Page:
FIFA’s Fix to Officiating? Embargo the Evidence

In response to Sunday’s incident that saw Carlos Tevez score a goal when he had been offside as the ball was played his way, giving Argentina the lead in a Round of 16 match they eventually won, 3-1, over Mexico, FIFA today produced its comprehensive response.

The answer? Hide the evidence so nobody – not the players, the coaches, or perhaps most importantly, the fans, know what the hell is going on.

FIFA announced today that it has instructed stadium operators in South Africa not to show replays of controversial plays for the rest of the 2010 FIFA World Cup.

Instead of taking steps to fix the issues that are leading to all the key blown calls we’ve seen in this tournament (the Lampard no goal; the Edu no goal; the Tevez goal, etc.), FIFA has decided it would be better to make sure that no one knows exactly what happened, and that will somehow make the game experience a better one.

FIFA is apparently responding to the reaction of Mexican players after seeing a replay of Tevez’s goal on a large monitor in the stadium yesterday. There was no doubt Tevez was offside, something clear to everyone who saw it, save for the assistant referee. Even when questioned by head referee Roberto Rosetti, the AR seemed to have no clue about what he’d just seen. He had much the same mystified look on his face as Koman Couliabaly did when he disallowed Edu’s goal for the US vs. Slovenia. Incensed, the Mexican team surrounded the AR and Rosetti as they talked, followed by a gathering of Argentina players when it appeared that the goal might be disallowed.

It stood, of course, and Argentina went on to win handily. But FIFA’s response to this situation, and the others we’ve seen before it, is asinine. Rather than having the sack to stand up and fix the problems by whatever technology or means are available, FIFA would rather perpetrate a lie to those in the stadium, telling players, coaches, and fans … “Move along! Nothing more to see here. Wink, wink. Nudge, nudge.”

It’s not as if other sports don’t do this. I’ve been to NHL, MLS, and NFL games where controversial events weren’t replayed. But at least in the case of the NHL and NFL, they are constantly taking measures to try and improve the very officiating that often leads to the controversy.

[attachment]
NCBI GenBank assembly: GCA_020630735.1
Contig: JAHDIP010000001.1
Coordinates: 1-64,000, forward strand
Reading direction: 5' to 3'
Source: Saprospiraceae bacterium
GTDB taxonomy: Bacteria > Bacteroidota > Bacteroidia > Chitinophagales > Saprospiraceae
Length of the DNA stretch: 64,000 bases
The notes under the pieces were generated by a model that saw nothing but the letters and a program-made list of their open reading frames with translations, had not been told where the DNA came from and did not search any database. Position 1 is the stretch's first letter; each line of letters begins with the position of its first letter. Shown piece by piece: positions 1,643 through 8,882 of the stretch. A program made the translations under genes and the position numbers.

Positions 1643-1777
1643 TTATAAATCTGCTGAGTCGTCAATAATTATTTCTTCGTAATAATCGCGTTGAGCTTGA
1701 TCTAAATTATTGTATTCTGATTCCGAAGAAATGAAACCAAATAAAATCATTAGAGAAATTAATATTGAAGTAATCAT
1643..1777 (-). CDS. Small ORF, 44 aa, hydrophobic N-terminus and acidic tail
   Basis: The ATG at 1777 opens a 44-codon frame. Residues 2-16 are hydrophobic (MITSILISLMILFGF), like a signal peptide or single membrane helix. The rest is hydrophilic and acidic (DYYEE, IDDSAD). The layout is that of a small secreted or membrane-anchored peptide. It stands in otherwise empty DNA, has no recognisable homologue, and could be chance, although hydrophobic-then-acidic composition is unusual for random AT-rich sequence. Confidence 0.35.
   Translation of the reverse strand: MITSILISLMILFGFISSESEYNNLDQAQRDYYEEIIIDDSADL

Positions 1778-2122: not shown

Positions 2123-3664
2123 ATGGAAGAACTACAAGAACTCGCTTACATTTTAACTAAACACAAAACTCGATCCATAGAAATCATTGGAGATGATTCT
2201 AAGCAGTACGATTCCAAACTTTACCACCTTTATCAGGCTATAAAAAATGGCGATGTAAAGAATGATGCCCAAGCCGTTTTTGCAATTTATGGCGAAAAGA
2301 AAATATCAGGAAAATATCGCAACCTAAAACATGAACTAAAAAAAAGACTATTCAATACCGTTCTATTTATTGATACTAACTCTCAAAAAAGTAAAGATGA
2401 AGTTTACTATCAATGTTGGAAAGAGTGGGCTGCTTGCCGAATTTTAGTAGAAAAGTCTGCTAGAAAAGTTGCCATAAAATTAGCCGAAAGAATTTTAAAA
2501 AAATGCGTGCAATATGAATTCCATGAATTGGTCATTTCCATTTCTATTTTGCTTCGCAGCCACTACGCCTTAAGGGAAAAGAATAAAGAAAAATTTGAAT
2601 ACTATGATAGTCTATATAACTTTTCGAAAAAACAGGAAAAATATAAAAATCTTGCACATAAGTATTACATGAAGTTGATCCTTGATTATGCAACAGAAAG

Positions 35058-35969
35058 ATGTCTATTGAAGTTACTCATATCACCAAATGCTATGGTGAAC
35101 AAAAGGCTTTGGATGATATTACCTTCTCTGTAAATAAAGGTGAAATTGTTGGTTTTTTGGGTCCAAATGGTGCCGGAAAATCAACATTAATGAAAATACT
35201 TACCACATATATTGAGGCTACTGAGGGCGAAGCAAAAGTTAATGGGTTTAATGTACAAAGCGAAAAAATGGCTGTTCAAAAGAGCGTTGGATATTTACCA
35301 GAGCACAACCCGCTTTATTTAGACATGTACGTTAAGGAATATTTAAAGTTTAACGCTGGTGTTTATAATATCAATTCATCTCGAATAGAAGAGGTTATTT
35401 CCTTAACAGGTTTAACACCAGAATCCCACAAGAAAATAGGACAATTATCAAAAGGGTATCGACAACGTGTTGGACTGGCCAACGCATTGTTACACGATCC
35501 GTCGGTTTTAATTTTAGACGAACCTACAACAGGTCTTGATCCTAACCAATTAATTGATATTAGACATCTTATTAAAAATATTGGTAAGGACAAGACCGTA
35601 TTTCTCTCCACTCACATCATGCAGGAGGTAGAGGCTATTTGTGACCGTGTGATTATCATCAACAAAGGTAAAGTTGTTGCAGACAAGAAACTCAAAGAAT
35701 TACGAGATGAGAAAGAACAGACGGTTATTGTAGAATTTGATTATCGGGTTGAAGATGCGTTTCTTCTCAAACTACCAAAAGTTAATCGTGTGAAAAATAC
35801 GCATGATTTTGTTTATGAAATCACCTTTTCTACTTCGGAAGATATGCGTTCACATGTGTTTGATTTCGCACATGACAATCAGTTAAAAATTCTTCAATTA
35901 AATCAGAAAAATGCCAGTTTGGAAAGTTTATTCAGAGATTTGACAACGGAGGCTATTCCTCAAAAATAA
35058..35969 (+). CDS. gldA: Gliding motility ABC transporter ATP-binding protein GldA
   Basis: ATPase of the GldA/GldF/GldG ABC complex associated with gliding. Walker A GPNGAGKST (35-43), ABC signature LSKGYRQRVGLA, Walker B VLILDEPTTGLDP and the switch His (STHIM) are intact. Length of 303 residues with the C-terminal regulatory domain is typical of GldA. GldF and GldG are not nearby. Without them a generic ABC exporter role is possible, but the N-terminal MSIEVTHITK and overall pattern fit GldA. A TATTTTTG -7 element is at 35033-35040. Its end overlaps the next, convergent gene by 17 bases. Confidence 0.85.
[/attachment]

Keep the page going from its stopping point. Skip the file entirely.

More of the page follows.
FIFA will do no such thing. They’d rather smirk through the notoriety and bad publicity that such events provide than have these plays actually dealt with correctly, ensuring a valid and fair game result.

Instead of validity, FIFA would rather you not even know what the hell you just saw. They want you fooled, not informed. It’s enough to turn “The Beautiful Game,” into the “The Beautiful Fraud.”

Our sport is hard enough to defend to the Neanderthal jacknuts that come out every 4 years at this time and feel the need to protect their manhood by declaring to the world that they aren’t watching the game for whatever stupid reason – as if the rest of us give a damn. But unfortunately, FIFA’s actions of late make the sport all the more indefensible.

I wonder what call will be the next one to be horribly botched.

I don’t know the answer; but safe to say, if you’re in the stadium when it happens … you’ll never know.


8 thoughts on “FIFA’s Fix to Officiating? Embargo the Evidence

  1. The problem is that not only FIFA thinks it should be this way. Just yesterday a blog entry was posted here, in Bigsoccer, to defend this imbecility.

  2. So they are going to ban cell-phones as well? All I’d do is look at twitter to get all the info that the goal was bogus. Talk about arrogant!

  3. fyp, as it were…

    The game does have blatant administrative issues that need solving in the short-term, but I don’t see it as being a blight on soccer itself. If the so-called “haters” want to attack the professional game for how it is run, be my guest; but usually, their complaints and derision are towards the game itself.

    To my mind, FIFA incompetency doesn’t stop me from liking soccer any more than the steroid era changes my general opinion of baseball as a game.

  4. I thought it was pretty much standard for there to be no replays inside the stadiums for FIFA WC events. Your “and no one will know” argument is somewhat specious since there is no ban on tv replays — only replays inside the stadium.

  5. How many people are going to be watching on TV inside the stadium – other than those fine folks who can afford the corporate club seats?

  6. I’ve got to say that as much as I dislike FIFA, this is one time I’m inclined to agree with them. As long as the law bans replays and goal line technology, it’s probably not a good idea to have the jumbotron tempting them to reverse calls or to make calls they might of missed. I’m not saying it’s just, I’m just saying that it’s consistent.

  7. Having been to the last three World Cups, I have the following request.

    Before getting to things like instant replay, how about giving us scores of games played earlier in the day?

  8. This is no different from most US sports. I think the Big 10 rule is you can show a controversial replay once. That’s it. Much as I may dislike FIFA on any number of counts, this is pretty consistent across the board.

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